One Suffolk grandmother believes the city of Virginia Beach played a part in her grandson's death.
Shirley Hodges is suing the city and 8 employees of it's Human Services and Child Protective Services department for nearly $4.4 million dollars.
In the lawsuit filed in Virginia Beach Circuit Court this week, Hodges claims Child Protective Services didn't do their job investigating the mother of 13-month old Devon Barrington-Abbot.
His mother, Amanda Barrington, told police she found the infant dead the morning November 26, 2012. The autopsy showed he died of starvation and dehydration and showed he had a brain injury and bruises on his body.
The 23-year old mother is now in jail serving a three-year sentence for felony child neglect.
She was arrested 10 months after baby Devon was found dead and spoke to only NewsChannel 3 shortly after.
"Next month would have been his two-year birthday and a month after that the one year anniversary of his death, and they're gonna come after me and try to tell me I did that? Really?" she asked. "I really don't want to believe it. I still feel like I'm in shock. I don't like to talk about it because I get upset."
When the baby died, CPS was investigating Amanda Barrington. But in the lawsuit, the grandmother claims they didn't do a good enough job.
It says CPS failed to do follow up visits, drug tests or check on the baby's welfare while they were investigating. The complain listed on example of when CPS went to do a home visit but Barrington refused to let them in, so the home visit was conducted in the doorway. Exactly one week later, baby Devon was dead.
Shirley Hodges attorney, Robert Haddad, told NewsChannel 3 she did not want to say anything about the case, but he says the city could have and should have done more to prevent Devon's death.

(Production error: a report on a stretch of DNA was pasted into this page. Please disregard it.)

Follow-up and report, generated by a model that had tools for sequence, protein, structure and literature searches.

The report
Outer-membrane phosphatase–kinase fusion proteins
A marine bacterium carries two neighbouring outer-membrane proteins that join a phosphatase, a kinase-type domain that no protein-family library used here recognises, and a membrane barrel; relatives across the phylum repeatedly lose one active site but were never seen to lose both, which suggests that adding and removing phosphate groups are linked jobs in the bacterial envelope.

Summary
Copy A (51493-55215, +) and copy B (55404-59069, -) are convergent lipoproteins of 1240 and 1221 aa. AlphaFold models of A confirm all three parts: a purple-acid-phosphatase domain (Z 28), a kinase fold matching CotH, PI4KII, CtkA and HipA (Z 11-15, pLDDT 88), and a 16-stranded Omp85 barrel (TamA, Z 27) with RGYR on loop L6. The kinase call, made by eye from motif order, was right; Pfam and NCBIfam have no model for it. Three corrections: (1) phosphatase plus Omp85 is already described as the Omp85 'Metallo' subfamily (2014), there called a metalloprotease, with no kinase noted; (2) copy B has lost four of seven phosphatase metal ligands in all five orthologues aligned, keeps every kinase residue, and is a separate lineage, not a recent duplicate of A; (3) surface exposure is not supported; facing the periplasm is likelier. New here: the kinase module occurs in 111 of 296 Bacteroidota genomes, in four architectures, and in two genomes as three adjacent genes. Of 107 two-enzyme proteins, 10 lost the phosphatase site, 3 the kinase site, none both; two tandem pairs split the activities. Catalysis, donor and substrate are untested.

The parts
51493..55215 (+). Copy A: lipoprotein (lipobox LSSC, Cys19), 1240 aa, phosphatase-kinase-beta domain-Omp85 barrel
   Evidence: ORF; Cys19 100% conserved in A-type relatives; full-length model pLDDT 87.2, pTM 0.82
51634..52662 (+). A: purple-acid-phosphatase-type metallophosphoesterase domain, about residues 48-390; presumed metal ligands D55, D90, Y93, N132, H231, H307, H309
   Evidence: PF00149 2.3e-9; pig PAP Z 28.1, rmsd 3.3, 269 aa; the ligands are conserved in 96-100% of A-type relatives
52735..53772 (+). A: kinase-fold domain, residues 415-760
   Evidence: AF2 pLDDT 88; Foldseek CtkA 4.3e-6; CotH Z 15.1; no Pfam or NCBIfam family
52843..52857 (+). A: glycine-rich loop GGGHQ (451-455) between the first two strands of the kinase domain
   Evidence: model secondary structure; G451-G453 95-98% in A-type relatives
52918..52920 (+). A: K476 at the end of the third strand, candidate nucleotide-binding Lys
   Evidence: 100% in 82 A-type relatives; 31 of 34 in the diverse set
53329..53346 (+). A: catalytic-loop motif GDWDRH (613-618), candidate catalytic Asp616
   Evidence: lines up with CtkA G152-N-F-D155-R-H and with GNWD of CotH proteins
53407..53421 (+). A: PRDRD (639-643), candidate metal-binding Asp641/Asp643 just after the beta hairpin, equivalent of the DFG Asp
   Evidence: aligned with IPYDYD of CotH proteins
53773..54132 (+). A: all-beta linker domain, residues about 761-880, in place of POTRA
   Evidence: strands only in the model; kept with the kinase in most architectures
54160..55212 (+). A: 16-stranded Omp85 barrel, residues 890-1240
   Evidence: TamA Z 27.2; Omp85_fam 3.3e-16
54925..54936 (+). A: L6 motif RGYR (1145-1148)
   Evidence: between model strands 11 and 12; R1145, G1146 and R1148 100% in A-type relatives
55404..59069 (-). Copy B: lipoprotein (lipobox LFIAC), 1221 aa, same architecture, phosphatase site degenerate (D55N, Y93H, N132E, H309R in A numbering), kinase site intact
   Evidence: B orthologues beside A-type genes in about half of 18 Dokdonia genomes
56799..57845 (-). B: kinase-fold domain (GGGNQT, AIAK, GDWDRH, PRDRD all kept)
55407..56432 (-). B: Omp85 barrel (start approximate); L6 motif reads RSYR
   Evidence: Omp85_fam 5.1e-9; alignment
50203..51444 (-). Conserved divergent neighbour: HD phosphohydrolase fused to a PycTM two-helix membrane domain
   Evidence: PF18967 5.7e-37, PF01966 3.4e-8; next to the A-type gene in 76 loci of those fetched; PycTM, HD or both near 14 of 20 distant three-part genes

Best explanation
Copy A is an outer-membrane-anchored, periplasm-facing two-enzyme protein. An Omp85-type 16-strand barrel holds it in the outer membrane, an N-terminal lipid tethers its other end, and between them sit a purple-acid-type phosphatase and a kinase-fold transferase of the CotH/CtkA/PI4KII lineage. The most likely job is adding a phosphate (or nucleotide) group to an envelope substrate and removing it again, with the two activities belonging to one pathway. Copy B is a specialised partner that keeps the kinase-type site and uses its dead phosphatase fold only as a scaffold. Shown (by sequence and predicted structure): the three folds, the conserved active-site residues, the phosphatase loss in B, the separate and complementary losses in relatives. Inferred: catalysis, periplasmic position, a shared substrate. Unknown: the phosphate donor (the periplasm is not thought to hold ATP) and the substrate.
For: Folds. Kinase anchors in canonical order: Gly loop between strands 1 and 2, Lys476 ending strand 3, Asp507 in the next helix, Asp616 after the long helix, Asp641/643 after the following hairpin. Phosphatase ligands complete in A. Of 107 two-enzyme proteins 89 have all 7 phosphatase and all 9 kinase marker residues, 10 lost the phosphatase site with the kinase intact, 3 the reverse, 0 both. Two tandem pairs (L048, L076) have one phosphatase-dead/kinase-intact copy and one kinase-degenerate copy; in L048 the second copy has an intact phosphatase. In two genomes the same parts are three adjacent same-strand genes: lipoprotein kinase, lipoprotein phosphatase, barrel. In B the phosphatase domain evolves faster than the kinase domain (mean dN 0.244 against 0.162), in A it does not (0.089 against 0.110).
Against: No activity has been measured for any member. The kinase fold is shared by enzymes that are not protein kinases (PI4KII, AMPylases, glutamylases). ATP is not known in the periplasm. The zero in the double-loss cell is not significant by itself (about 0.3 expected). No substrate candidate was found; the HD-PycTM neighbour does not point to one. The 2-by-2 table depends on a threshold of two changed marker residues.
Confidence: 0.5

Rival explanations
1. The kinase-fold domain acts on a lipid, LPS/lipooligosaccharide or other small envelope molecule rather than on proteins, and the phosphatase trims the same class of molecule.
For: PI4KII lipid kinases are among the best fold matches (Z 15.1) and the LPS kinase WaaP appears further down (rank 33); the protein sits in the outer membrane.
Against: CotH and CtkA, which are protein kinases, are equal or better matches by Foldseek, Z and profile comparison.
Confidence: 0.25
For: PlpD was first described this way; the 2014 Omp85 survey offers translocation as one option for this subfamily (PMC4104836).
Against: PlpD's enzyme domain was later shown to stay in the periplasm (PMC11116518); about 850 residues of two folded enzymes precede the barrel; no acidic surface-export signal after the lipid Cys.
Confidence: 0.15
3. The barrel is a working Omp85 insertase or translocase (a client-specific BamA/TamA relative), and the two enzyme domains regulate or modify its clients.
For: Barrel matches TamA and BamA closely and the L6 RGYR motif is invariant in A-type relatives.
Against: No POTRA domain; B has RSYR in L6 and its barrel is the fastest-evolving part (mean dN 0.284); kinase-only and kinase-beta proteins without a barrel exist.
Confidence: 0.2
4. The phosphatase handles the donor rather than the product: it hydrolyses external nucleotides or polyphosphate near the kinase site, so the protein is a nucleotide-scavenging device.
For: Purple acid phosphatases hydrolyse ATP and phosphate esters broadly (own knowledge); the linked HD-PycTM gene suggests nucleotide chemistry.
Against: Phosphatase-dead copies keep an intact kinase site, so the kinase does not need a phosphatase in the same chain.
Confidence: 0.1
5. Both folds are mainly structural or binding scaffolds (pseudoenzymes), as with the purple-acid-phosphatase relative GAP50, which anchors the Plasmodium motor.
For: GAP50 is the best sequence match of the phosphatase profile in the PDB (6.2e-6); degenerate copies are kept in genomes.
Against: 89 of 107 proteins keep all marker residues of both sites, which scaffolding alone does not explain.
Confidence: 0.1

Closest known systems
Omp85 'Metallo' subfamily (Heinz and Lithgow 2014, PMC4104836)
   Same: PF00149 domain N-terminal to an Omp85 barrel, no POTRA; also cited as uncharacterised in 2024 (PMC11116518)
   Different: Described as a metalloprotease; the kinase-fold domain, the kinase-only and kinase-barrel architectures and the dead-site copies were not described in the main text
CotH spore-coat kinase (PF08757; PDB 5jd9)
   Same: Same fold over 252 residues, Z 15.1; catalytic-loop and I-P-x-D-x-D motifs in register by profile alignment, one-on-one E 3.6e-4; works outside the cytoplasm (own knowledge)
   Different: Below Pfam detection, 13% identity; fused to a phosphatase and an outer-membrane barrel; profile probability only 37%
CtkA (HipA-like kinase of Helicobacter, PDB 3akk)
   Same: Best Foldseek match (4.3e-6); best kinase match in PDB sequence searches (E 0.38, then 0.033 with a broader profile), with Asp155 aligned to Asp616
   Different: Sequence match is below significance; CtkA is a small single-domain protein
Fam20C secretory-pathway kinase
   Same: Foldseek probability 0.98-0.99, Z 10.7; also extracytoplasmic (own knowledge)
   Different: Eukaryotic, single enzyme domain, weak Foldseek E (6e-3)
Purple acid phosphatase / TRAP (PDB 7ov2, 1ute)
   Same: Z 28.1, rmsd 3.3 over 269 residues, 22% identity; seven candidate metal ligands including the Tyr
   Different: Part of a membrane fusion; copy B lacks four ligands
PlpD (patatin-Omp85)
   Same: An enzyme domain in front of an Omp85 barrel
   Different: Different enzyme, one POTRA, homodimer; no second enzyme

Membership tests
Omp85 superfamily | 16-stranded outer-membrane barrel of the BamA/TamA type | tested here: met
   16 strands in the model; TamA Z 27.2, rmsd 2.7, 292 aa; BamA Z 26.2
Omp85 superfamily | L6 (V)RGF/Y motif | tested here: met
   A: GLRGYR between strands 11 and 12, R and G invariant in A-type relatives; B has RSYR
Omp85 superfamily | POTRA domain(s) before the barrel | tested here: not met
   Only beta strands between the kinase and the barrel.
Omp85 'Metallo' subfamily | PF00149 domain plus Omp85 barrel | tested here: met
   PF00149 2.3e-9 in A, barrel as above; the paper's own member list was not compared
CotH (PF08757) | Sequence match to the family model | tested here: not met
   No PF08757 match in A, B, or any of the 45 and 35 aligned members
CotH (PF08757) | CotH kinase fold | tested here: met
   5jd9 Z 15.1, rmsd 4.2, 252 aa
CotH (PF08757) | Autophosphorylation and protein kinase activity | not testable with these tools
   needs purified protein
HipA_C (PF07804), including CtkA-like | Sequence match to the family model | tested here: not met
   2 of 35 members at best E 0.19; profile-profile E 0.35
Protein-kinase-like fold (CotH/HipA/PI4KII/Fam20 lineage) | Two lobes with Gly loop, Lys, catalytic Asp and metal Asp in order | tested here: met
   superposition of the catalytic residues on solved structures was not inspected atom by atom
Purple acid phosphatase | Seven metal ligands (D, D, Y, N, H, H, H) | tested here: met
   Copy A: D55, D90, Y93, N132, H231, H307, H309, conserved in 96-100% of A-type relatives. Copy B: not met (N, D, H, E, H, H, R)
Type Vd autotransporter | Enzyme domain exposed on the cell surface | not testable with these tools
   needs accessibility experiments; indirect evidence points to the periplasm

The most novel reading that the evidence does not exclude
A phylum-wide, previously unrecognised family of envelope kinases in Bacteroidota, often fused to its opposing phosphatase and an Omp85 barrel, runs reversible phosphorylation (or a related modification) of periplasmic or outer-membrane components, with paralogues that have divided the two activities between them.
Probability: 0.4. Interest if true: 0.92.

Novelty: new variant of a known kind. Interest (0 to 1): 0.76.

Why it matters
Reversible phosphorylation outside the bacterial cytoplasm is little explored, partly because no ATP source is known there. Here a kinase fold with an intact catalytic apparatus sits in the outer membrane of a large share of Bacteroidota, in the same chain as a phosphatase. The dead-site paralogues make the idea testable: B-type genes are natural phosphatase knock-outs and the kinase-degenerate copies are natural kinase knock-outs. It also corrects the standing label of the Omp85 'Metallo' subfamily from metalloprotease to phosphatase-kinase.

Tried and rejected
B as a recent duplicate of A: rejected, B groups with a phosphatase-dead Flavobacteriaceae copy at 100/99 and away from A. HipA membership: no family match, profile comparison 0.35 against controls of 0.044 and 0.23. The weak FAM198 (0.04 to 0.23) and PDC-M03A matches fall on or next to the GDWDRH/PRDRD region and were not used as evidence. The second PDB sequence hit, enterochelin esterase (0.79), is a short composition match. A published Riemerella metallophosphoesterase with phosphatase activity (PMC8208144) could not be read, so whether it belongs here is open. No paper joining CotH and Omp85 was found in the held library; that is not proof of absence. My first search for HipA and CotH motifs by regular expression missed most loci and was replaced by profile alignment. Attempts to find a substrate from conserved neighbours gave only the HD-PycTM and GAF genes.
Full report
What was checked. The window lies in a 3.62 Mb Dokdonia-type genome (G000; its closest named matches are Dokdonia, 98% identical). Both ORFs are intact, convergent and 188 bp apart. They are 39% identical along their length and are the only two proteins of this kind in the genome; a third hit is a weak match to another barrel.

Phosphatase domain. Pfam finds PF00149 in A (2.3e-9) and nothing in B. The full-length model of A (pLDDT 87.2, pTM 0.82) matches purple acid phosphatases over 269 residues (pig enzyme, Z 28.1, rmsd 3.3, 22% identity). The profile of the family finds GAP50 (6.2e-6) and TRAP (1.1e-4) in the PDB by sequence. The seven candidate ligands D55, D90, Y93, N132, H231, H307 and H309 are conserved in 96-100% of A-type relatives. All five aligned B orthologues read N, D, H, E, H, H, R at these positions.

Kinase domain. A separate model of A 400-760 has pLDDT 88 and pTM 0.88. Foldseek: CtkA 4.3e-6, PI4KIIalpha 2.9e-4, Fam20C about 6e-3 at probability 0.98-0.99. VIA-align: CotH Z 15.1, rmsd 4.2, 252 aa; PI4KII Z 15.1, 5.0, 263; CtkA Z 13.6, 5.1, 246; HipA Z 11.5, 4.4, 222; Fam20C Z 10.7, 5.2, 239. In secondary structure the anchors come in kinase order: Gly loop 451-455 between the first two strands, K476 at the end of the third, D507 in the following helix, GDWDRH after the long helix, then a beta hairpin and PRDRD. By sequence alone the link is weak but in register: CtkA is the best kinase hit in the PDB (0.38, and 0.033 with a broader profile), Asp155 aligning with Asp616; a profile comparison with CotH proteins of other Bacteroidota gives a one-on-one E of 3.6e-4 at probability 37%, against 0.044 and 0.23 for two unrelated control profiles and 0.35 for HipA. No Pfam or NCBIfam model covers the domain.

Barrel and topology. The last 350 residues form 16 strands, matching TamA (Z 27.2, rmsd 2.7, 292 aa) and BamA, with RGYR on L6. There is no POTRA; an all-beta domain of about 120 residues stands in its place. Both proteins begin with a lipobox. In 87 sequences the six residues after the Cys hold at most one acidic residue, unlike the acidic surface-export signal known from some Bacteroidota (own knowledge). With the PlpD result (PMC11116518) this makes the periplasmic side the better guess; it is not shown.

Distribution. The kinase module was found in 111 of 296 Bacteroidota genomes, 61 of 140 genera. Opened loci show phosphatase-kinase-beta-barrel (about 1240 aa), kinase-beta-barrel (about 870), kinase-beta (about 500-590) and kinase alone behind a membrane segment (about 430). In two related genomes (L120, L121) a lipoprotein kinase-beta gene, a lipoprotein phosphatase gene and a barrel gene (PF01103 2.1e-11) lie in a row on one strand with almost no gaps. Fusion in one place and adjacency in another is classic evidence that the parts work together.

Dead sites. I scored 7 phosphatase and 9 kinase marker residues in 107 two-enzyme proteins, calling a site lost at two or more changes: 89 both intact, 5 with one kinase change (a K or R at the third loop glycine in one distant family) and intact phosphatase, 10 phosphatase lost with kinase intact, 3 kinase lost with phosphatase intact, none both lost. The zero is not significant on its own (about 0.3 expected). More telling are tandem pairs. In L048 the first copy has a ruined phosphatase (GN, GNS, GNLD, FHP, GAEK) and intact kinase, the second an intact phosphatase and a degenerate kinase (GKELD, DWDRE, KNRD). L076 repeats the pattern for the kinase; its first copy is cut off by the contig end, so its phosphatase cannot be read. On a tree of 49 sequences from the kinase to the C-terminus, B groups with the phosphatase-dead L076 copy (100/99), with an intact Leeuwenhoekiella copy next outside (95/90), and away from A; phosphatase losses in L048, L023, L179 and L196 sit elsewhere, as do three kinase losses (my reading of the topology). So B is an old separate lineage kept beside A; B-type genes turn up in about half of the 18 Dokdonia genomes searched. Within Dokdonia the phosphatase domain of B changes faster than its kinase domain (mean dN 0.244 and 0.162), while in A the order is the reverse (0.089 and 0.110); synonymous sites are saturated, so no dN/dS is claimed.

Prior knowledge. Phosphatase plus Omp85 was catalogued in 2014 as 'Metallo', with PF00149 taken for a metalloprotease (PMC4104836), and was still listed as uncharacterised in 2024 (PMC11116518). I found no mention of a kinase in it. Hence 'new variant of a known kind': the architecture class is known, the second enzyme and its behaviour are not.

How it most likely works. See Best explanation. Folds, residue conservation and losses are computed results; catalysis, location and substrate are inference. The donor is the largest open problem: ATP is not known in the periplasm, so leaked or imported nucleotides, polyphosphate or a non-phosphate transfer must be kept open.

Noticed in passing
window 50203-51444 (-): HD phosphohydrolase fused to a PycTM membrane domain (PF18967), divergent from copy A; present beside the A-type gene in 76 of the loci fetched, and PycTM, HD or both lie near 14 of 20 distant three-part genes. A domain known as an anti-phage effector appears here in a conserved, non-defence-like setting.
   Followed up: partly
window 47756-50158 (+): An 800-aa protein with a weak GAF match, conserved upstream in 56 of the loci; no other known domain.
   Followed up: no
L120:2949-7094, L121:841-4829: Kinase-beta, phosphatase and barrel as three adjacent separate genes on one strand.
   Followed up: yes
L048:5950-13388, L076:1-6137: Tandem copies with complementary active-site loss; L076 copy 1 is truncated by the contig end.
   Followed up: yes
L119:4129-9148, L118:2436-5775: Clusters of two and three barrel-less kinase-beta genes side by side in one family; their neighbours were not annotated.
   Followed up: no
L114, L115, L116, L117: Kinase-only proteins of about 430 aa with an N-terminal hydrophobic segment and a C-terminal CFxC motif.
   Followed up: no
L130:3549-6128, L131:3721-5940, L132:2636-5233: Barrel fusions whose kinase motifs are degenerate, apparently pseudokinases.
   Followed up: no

The city's Deputy Attorney sent the following statement to NewsChannel 3 regarding the lawsuit:
"As we discussed, the City Attorney’s office has just today received a copy of the lawsuit in this matter, and we are in the process of reviewing it. For that reason, we can only offer some very preliminary comments. First, it is always a terrible tragedy when a child dies. In this instance, the lawsuit makes clear that the child died in the custody of his mother, not in the care or custody of the Virginia Beach Department of Human Services. While state confidentiality laws prohibit me from commenting specifically about the services this family may have been receiving around the time of the child’s death, I can tell you that based on the information known to us at this time, we do not believe the facts will support a negligence or gross negligence claim against the City or its employees. Accordingly, we intend to vigorously defend the lawsuit. As an aside, the current director of VBDHS, Dannette Smith, was not even employed by the City at the time of the events giving rise to the lawsuit. "